The St. Augustine Factor
By the Spring of 2013, everything we’d evaluated told us that Santa Elena, on Port Royal Sound, had all the attributes of Jamestown, VA. It also seemed to be a big enough tourism draw to make the county a major destination. Stu Rodman and I made independent estimates of what a Jamestown-style tourism site would mean for us in four years. We both came to the same conclusion. We could expect Santa Elena to generate an additional $200 to $400 million in annual revenue for Beaufort County. That would significantly improve the economic health of the County.
By the summer of 2013, I had met with a handful of businessmen and women who said, “Let’s expose Santa Elena to the sunlight.” The archaeologists and historians had done a great job with the research. Now it was our turn to get the project out of R & D (Research and Development). Two wise business leaders said, “Let’s go.” Dick Stewart, a prominent commercial developer in northern Beaufort County said, “It is time.” And behind the scenes Gary Kubic, the County Administrator, confirmed that Santa Elena could become the big block store of the county’s historical shopping center. Kubic surprised many of us with his in depth knowledge of consumer marketing and economic development.
The Santa Elena story started to go public in September, 2013. I called together a meeting of the top national 16th century historians as well as two of the best archaeologists. Stu Rodman, Dick Stewart, and I represented the business community. This meeting was especially important because we could not start any public education or promotion unless we had a consensus on the importance of the Santa Elena story. The attending historians included Dr. Eugene Lyon, Dr. Paul Hoffman, Dr. Larry Rowland, and Dr. Stephen Wise. Representing the archaeological community was Dr. Chester De Pratter from the S.C. Institute of Archaeology and Kimberly Zawacki, the Parris Island Marine Corps archaeologist.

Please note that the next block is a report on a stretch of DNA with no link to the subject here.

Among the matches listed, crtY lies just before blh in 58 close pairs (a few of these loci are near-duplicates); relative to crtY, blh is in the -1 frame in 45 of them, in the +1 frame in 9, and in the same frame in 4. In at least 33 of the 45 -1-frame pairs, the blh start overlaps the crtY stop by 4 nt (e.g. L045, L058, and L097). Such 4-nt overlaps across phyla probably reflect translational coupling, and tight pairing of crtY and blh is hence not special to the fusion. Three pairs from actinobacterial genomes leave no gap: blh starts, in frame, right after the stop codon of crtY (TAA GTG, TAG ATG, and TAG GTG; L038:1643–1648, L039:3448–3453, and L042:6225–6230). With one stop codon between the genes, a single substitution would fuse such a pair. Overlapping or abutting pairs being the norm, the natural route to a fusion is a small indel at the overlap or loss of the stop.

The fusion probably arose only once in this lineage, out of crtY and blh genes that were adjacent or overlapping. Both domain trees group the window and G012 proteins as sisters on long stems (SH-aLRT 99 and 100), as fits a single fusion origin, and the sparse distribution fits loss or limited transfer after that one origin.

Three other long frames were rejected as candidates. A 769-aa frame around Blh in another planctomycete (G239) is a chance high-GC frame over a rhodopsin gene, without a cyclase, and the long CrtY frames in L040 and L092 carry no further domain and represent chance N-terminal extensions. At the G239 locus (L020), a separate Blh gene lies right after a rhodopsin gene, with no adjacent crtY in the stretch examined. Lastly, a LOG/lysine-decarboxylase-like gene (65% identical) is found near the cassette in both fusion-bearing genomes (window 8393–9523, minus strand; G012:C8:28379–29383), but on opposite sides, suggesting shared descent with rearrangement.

At the end of the meeting I asked each attendee to summarize their understanding of the importance of Santa Elena. Of all of the attendees, what Dr. Lyon and Dr. Hoffman said were most important. They were the nation’s top two 16th century colonial historians. We went around the table. Dr. DePratter said, “Santa Elena is very important; but let’s not forget Charlesfort. It is the first attempted protestant settlement.” Dr. Rowland then responded, “Santa Elena is where America began!” Then, we came to Dr. Hoffman: “Santa Elena was the first major European settlement in what is now the United States. It came before Jamestown and it came before St. Augustine.” Finally, Dr. Lyon, the eminent historian, commented, “Santa Elena is a very important site.” That is all he said. I was dumbfounded. If anyone knew the huge importance of Santa Elena, it would be Dr. Lyon. He is considered the breakthrough author of the subject . . . but he said nothing.
After dismissing the meeting and thinking of Dr. Lyon’s lukewarm comment, I reminded myself of one fact: Dr. Lyon had been the Director of the Center of Historical Research for the St. Augustine Foundation for 14 years. His office was in St. Augustine. He had to feel great loyalty toward his St. Augustine associates who, for years, has been promoting the city as the oldest Spanish city in America. That reminder gave me some solace.
Then, in early January of 2014, Dr. Lyon gave me a call. “Daryl, would you mind visiting me later this month at my home in Vera Beach Florida. I have things I want to share with you.” I arrived at Dr. Lyon’s home on January 20. As soon as he answered the door, Dr. Lyon said, “Please sit next to me on the couch.” I did! Then, Gene turned to me and said, “Daryl, Santa Elena was the first major European settlement in what is now the United States. It came well before St. Augustine. St. Augustine, in fact, was an accident.”
All I could think of was what courage it took for him to say that. He knew that many of his old friends and associates might think him disloyal to them. But, in reality, he was not. In the future, if Santa Elena receives the attention it deserves, it will mean that even more people will visit Jamestown and St. Augustine . . . not fewer.